The MTB is one of the most important short-term actions Congress can take to preserve and expand good American jobs, cut the costs of doing business in the United States and boost American manufacturing exports. U.S. manufacturers large and small use the MTB’s tariff suspension provisions to obtain raw materials, proprietary inputs and other products that are not available in our nation.
Without the MTB, the cost of these companies’ products will inevitably increase, forcing them to pass higher costs on to consumers and making their products less competitive. These higher costs translate into lost jobs for American workers.
The MTB process is wholly transparent and open to the public. Each proposed duty suspension is subject to a meticulous and non-partisan vetting process to ensure that no domestic producers of the affected product exist. The International Trade Commission, U.S. Commerce Department, U.S. Customs and Border Protection, Office of Management and Budget and the congressional committees of jurisdiction collaborate to review each proposed duty suspension.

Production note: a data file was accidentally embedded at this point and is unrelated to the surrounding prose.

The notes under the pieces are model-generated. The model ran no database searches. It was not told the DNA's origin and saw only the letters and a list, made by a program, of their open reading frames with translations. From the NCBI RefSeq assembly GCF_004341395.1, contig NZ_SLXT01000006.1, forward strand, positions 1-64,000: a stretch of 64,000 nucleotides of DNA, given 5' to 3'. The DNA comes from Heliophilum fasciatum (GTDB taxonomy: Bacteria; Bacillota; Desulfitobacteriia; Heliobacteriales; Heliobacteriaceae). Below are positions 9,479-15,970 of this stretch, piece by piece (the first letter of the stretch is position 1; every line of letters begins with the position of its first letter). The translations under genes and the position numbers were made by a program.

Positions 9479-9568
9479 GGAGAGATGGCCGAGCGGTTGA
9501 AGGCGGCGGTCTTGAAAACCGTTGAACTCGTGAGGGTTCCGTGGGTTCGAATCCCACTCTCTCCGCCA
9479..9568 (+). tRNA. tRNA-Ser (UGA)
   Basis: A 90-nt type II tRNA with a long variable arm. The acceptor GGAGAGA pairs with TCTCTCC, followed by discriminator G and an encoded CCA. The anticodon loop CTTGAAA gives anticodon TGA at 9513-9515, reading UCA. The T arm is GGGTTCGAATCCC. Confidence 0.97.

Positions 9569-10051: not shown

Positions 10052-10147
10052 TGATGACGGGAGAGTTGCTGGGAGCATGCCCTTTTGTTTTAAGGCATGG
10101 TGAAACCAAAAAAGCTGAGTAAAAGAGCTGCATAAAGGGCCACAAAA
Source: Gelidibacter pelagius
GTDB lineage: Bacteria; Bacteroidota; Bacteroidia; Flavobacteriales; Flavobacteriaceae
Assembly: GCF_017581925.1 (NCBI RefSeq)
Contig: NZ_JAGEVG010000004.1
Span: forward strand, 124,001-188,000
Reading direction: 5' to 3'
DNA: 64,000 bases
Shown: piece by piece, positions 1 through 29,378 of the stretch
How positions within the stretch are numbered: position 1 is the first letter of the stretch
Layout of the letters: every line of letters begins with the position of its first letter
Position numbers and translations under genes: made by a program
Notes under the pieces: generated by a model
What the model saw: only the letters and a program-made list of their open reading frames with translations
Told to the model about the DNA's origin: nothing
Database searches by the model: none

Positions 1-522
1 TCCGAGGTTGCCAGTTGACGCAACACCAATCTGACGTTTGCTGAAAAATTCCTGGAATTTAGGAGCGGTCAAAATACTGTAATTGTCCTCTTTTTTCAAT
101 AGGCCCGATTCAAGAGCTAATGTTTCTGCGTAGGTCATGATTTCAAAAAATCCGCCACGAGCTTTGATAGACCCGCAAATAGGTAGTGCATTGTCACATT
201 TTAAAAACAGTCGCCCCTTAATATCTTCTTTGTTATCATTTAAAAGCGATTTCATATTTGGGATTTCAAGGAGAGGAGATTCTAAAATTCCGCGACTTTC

Transparent, reviewed by the Executive Branch and Legislative Branch alike, and benefiting no one congressional district: The tariff suspensions are not earmarks under any usual understanding of the term.
The letter notes that a July 2009 study by the economist, Andrew Szamosszegi of Capital Trade, Inc. concluded that enactment of the tariff bill would increase U.S. production by $4.6 billion while supporting nearly 90,000 jobs.
Unfortunately, the bill has been placed on the House suspensions calendar, where a two-thirds vote is necessary for passage. Fortunately, the case for the bill is so strong that that margin is attainable.
The NAM uses Key Vote letters to determine a member of Congress’ voting record on manufacturing issues.
UPDATE (4 p.m.): Another sound argument for the MTB legislation from Daren Coppock, president and CEO of the Agricultural Retailers Association, at the Hill’s Congress Blog, “Congress: Here’s a commonsense way to save jobs and fuel the economy.”